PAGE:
Do you ever feel like you’re “praying wrong” or don’t know how to start praying? I can assure you from our experience at Pilgrim Center of Hope (PCH)… Don’t worry; almost everyone wonders that!
Even Jesus’ disciples wanted to know how to pray. They implored him, “Teach us to pray.” So, Jesus outlined the most fundamental prayer, known today as the Lord’s Prayer or the Our Father. Each line of this prayer teaches us something important about prayer:
Our Father in heaven,
hallowed (holy) be your name,
your kingdom come,
your will be done,
on earth as in heaven.
Give us today our daily bread;
and forgive us our debts
as we forgive our debtors;
and do not subject us to the final test,
but deliver us from the evil one.
We could meditate on what each line of this prayer means, and still would find new insights with each day.
One of the greatest treasures we have is the model of the saints, who were human just like us—with complicated lives, struggles, challenges, joys, and sorrows. Through practice, they became prayer experts. At Pilgrim Center of Hope, we mine their treasured insights like the spiritual gold and jewels that they are, especially through our monthly Socials with the Saints.
Here are some of our favorite pieces of advice:
Four Simple Attitudes
St. Anthony of Padua was known for his teaching style that would captivate the listener. Here’s what he taught about how we should pray:
- Open your heart confidently to God.
- Speak affectionately with God.
- Present to God your needs.
- Praise and thank God.
In Difficult Times
When we face challenges, prayer can become more difficult. Through a Social with the Saints at PCH, we’ve learned from someone who understands this well; St. Mary MacKillop. Like Jesus, Mary MacKillop experienced the rejection of her own religious leaders, through an unjust excommunication.
We were in awe as we read that Mary would often say, “Today, God has been so good to me.” Considering her tremendously difficult circumstances, what an insight this was for us, into maintaining a prayerful attitude. She advised,
Let us study the Heart of God and, in doing so, we shall learn many beautiful lessons of patience and love.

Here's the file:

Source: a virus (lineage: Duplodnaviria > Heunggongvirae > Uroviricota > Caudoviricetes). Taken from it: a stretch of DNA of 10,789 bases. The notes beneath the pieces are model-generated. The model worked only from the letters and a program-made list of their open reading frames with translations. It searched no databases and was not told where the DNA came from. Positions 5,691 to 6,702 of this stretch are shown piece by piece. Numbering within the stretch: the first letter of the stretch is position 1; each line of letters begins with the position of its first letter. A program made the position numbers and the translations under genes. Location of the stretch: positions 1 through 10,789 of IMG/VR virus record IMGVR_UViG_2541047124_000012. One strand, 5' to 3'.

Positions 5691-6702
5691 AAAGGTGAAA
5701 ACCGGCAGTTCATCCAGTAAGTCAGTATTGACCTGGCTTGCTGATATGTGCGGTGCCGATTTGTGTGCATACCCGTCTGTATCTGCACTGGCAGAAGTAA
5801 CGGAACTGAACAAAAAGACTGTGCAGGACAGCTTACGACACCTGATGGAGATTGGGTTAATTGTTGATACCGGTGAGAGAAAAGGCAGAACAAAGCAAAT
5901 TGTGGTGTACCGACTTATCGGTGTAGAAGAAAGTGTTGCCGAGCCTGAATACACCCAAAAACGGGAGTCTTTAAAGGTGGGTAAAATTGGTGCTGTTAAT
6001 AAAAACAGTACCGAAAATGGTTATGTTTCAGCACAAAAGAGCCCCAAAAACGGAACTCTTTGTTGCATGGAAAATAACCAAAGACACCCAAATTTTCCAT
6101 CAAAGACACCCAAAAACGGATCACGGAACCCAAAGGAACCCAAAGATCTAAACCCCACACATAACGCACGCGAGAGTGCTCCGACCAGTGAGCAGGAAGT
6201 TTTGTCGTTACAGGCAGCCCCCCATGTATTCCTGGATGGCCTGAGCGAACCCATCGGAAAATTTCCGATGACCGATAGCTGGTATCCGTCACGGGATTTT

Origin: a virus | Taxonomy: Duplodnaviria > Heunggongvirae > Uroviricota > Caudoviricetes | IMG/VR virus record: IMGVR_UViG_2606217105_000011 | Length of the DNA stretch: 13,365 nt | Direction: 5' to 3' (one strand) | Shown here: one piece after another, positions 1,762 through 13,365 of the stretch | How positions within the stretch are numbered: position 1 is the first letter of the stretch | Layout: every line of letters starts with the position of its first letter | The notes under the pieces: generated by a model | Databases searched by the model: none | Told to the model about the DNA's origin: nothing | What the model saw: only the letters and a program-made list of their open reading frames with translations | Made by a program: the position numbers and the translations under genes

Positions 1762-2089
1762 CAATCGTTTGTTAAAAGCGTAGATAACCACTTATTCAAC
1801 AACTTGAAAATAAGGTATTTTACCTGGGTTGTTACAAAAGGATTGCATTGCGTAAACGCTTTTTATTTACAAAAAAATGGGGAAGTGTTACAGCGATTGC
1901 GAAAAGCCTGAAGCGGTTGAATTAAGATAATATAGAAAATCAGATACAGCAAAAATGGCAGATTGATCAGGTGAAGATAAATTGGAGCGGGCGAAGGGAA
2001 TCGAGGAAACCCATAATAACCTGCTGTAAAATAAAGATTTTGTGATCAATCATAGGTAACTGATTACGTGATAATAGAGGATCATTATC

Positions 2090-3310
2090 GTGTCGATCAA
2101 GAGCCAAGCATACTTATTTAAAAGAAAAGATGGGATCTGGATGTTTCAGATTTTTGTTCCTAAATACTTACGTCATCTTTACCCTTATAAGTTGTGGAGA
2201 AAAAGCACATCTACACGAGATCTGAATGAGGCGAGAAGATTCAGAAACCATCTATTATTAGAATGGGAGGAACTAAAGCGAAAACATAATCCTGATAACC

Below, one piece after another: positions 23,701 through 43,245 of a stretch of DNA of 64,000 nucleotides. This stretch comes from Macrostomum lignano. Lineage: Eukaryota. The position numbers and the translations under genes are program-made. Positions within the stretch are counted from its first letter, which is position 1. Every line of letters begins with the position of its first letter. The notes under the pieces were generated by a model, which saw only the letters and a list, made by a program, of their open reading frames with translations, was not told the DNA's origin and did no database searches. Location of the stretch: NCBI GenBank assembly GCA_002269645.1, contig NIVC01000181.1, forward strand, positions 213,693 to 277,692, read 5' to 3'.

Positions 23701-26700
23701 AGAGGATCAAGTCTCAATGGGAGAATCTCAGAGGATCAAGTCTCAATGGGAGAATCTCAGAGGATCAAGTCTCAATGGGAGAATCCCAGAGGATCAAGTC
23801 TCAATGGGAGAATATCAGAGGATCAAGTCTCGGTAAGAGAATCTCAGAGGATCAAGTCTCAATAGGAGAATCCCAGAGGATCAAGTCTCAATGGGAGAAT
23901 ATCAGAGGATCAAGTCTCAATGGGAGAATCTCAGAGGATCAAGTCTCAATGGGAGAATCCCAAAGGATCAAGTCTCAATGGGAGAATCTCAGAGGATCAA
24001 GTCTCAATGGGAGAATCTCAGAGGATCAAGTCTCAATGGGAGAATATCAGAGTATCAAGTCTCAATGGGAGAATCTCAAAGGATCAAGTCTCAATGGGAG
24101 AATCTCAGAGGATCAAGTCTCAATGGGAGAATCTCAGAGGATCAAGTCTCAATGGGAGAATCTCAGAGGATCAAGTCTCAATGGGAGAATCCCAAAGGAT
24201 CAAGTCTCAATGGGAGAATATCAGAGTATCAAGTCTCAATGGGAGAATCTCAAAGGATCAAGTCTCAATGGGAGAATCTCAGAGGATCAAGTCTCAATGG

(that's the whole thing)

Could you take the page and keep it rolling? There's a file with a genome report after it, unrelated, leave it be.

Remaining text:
About prayer, she said; “Let me humbly place myself in the presence of my God, of my God who created me, my God who redeemed me, my God who sanctified me.”
When Words Fail
What about when we simply cannot express ourselves in words? St. Teresa of Avila assured us, “Prayer is an act of love; words are not needed. Even if sickness distracts from thoughts, all that is needed is the will to love.”
Saint Paul further reminds us that God the Father, Son, and Holy Spirit work together to communicate with us, as long as we open our hearts: “We do not know how to pray as we ought, but the Spirit itself intercedes with inexpressible groanings. And the one who searches hearts knows what is the intention of the Spirit, because it intercedes for the holy ones according to God’s will” (Romans 8:26-27).
Don’t worry; “the holy ones” in this context does not leave you out. “Holy” means “set apart,” and when we choose to pray, we are setting ourselves apart. Jesus encourages us: “For this is the will of my Father, that everyone who sees the Son and believes in him may have eternal life, and I shall raise him [on] the last day” (John 6:40).
Do not be afraid; simply choose to pray. Picture Jesus in your mind. Ask for guidance. You have nothing to lose! God is eager to enter this journey with you.
Take advantage of upcoming opportunities to grow spiritually and practice prayer. We invite you to browse our Port of Hope & Events Calendar; we’re here for you, but most importantly—God is here for you.
Answering Christ’s call, Pilgrim Center of Hope guides people to encounter Him so as to live in hope, as pilgrims in daily life.
Angela Sealana is Media Coordinator for Pilgrim Center of Hope, having served at the apostolate since 2010. She also serves on the PCH Speaker Team.